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Comment It depends... (Score 1) 240

Really it depends. Most of it is just pure luck. Sure. You can tell them the same old story I've heard from just about everyone on the internet.

"Go into the Modding Community. Get into open source games. Do a map. Do a mod. Create a small game. Create a team or join a team and try to contribute."

Look at those and you'll see a common misconception. Creating games has little to nothing to do with most of the above save for the last two. Getting into the modding community is nice and all, but that kind of experience can lead to nothing more than an ego boost. Getting into open source game projects or small game development kits will teach them the basics, but nothing more. Doing maps is only viable if the person is into wanting to create maps and do level design only. Doing a mod in retrospect depends on the scale of the mod, but if it is just a normal mod and not something that truly creates a new game from the ground up, then it is just a dive into the internal workings of a particular game and not the elements that made the game come to be.

Creating a game though is where it really begins. Even more so, to do so in a team. Doing either of these takes commitment. Telling kids, even college students, that they have to start a game project from initial idea to an actual finished product is something like Mt Everest for most people. In most programming classes (even game design and graphics programming classes) I've done, students who create a game do so with that deadline in mind and then finish the game. After the deadline for the project is up, they toss the game aside and move on, not completing their work.

Now I've got an interesting take on game development so far. I started off as a kid wanting to create games, figured that the one thing I really needed is a degree in CS. The thing is I started off already knowing what I wanted to do. I wanted to program. Kids and adults who want to create games start off by saying they want to create games, but never realize that there are many elements that go into what creates a game. Concept artists, 3D modelers, animators, level designers, game designers, game programmers, UI artists, quest design, AI programming, graphic programming, physics programming, sound design, and countless other roles are what make up a game in the industry. Indie development means you will find that people will have multiple roles, but ultimately a person has to choose their path and stick with it.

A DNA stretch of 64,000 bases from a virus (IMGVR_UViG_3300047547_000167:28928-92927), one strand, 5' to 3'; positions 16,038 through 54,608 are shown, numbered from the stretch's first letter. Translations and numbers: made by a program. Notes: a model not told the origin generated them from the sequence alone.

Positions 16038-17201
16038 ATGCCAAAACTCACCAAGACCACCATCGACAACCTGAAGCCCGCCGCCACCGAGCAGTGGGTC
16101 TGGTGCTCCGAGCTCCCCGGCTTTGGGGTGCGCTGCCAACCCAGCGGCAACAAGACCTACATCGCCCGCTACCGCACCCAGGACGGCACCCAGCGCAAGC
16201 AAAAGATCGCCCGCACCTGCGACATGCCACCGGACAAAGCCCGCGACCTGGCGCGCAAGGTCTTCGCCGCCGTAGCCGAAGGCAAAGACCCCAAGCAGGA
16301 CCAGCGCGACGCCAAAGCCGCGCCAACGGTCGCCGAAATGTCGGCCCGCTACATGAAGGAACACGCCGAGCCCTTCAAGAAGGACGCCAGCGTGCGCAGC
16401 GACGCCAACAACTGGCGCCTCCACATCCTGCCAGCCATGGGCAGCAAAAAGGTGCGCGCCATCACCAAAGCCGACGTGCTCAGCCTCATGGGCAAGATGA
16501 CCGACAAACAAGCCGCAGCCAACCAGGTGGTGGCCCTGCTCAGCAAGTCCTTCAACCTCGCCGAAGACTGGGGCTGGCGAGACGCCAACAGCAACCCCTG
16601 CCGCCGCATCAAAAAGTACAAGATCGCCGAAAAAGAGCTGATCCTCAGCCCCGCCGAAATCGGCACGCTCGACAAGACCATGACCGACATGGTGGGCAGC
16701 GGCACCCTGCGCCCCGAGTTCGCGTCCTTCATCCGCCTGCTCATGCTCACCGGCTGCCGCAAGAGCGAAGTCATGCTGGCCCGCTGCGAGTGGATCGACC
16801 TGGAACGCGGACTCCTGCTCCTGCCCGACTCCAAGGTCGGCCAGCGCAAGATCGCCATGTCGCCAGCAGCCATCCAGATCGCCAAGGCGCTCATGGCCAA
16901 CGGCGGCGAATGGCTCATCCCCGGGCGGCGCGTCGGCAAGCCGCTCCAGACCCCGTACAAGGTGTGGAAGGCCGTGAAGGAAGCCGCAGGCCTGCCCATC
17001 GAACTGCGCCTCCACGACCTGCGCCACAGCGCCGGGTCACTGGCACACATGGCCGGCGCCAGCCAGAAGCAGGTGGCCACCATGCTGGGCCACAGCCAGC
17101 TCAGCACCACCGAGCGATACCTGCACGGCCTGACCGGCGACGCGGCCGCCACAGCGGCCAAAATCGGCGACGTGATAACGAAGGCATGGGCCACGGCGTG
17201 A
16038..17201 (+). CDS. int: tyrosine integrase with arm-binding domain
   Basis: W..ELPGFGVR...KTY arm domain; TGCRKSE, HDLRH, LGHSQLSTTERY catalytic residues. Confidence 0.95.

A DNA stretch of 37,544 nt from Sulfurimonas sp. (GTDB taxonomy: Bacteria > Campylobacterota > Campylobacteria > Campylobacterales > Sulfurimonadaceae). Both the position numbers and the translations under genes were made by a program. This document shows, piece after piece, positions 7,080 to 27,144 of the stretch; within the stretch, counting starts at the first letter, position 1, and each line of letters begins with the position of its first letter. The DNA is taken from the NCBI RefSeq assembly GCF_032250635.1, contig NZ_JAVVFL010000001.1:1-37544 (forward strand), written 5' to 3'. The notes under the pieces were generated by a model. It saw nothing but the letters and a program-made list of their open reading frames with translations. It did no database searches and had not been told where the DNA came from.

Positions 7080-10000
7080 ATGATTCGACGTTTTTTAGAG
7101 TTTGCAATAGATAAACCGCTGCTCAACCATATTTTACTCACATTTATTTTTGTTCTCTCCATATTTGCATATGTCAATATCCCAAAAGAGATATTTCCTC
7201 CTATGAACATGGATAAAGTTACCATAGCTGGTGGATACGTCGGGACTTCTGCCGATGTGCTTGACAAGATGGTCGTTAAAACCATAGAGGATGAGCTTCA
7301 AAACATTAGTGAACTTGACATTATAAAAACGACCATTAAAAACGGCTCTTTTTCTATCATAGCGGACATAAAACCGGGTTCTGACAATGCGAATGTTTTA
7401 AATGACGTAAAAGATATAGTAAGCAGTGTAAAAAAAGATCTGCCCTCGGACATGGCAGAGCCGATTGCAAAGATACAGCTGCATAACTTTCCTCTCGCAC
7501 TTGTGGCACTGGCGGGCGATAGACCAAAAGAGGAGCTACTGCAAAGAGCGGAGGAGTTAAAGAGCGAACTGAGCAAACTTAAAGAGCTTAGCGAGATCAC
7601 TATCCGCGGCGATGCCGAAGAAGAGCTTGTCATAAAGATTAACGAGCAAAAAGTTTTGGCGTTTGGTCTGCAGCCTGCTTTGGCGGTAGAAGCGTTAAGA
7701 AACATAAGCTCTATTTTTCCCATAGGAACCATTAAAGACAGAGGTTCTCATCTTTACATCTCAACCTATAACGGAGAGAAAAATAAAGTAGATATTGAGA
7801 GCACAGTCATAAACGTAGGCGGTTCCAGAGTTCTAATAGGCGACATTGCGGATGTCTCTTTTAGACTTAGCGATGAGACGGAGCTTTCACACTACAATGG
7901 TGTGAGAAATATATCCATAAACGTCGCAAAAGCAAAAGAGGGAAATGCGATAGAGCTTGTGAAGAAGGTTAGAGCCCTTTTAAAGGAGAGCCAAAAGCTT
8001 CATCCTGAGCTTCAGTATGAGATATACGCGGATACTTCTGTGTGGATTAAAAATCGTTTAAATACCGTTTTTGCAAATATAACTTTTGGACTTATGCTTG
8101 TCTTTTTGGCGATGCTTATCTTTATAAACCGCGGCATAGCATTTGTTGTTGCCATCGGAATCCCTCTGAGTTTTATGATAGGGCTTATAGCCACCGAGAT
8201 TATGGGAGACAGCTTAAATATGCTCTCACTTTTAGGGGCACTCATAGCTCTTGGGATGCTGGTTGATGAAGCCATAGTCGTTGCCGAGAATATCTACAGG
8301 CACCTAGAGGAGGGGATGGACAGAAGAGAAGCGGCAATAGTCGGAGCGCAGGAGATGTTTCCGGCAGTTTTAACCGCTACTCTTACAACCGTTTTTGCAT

At my university I got immensely lucky and found that my school actually had a dedicated game development degree. I didn't go for it and decided to stuck with my CS degree, but I soon caught wind of a game project funded by the NSF that was in first steps of development at my uni. Several chance encounters later and now I'm in the forefront of what it really means to create a game from beginning to end. I've dabbled heavily in game concept to programming. I've got hands on experience talking to people who are truly motivated into creating the game we have envisioned. What really amazes me is how many times I have interviewed people who are interested in joining our project as a programmer only to find that they immediately come to the realization that it just isn't for them. Over the course of the summer we started with a strong team of almost 20 people. Most came by every now and then, worked a little and then dropped off the face of our known universe. By the end we only had 8 people. The ones who kept through are the ones who are now veterans in our field. We got people who worked with us go on to Activision and Dreamworks. In the previous years we produced a game and several of the guys moved on to create their own game development company (though now it seems they have moved on to teaching game development instead around the world). The guys who still work on it are dedicated to it and will likely land jobs with the work we have done.